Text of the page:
“A-Dough-Able” Valentine’s Activities for Kids

Play-dough has been around for ages and is a near-universal childhood toy. As an adult, even I love to knead and roll the stuff! But as much fun as play-dough is, it’s also a great choice for kids with delays and disabilities. Following are a few ways play-dough can help kids with special needs:

  • Stress Relief: All of that kneading and rolling is a great stress reliever for kids who struggle with anxiety and worry, and adding essential oils that have a relaxing and calming effect to the play-dough makes it an even better stress reliever.
  • Fine Motor Skills: The kneading, rolling, cutting, shaping and pinching helps build muscle as well as increase coordination and dexterity.
  • Speech and Learning: Play-dough can be used to teach shapes, numbers, and colors, especially for kids who are visual learners. Play-dough is also great for developing language; I’ve included some tips below on how to incorporate language into play-dough play.

Are you ready to use play-dough with your child? Below I share a recipe for homemade play-dough using items you likely already have around the house, as well as some language-building tips to sneak some learning into playtime.

Homemade Play-Dough

What You Need:

  • Cookie cutters (hearts, lips, candy)
  • Pink, red, purple food coloring
  • 1 cup of flour (whatever kind you have on hand)
  • ¼ cup of salt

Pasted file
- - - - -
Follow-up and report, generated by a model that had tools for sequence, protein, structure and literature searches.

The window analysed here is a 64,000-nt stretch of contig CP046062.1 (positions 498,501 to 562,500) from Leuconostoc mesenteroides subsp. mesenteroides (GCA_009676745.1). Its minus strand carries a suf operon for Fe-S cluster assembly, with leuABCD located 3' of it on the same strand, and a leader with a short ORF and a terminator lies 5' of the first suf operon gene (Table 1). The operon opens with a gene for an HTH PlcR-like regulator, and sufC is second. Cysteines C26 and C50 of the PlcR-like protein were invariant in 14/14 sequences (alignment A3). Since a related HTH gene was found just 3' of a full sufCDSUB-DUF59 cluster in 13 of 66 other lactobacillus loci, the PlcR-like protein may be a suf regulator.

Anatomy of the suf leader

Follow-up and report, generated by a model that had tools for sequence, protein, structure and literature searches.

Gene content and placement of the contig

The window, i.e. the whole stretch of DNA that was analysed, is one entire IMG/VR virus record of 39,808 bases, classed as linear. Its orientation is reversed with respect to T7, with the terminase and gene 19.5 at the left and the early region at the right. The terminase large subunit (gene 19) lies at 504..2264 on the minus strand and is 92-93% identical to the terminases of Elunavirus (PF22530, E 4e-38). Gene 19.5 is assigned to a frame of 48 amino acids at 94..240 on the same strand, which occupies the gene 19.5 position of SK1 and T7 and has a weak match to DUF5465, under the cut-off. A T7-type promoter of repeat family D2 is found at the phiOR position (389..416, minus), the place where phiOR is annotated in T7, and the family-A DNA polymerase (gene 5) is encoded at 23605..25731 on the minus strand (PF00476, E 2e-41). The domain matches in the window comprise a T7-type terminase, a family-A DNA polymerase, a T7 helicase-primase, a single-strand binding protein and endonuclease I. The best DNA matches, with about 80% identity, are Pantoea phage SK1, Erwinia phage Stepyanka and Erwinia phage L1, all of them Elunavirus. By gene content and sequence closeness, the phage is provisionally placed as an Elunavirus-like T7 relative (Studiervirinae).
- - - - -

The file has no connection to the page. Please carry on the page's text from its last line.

• ½ cup of water
  • 3 to 5 drops of natural food coloring
  • Essential oils, such as lavender, for calming benefits (optional)

How to Make It:

  1. Mix together the flour and the salt.
  2. Mix together ½ cup of warm water with a few drops of food coloring.
  3. Slowly pour the water into the flour mixture, stirring as you pour. Stir until combined, then knead with your hands until the flour is completely absorbed. If the dough is too sticky, add more flour until it doesn’t stick at all.

Tips for Incorporating Language During Play-Dough Playtime

  1. Encourage requesting by using carrier phrases such as “I want __”, “I need ___” and “May I have ___?”
  2. Teach following directions using examples like these: “Take the red play-dough and make a heart”, “Make cupid’s arrow with the red play-dough”, “Make a big piece of candy”
  3. Expand vocabulary by writing little messages on the created play-dough hearts. You could write conversation messages on paper and stick them to the play-dough and talk about it or use a toothpick and write words on the hearts.
  4. Teach verbs such as mix, open, stir, smash, cut, bend, push.
  5. Target attributes. Create fun shapes with the play-dough. Step away from the ordinary shapes and make play-dough cupcakes, roses with stems, or chocolates (bonus if you have an empty chocolate heart box laying around that your child can fill). Make the play-dough bumpy, rough, smooth. Create polka dots, lines, stripes, swirls.
  6. Ask questions to increase your child’s ability to answer “WH” questions: “What are you making?” “What are you doing to the play-dough?” “What color is that?” “What shape is that?” “How do you make a heart?” “Where is the blue play-dough?”

Bonus Idea: Create play-dough valentines for classmates! Buy mini play-doughs and add printable notes. Follow the link below for free printables.


Sources:

Caitlin Layfield, MS, CCC-SLP

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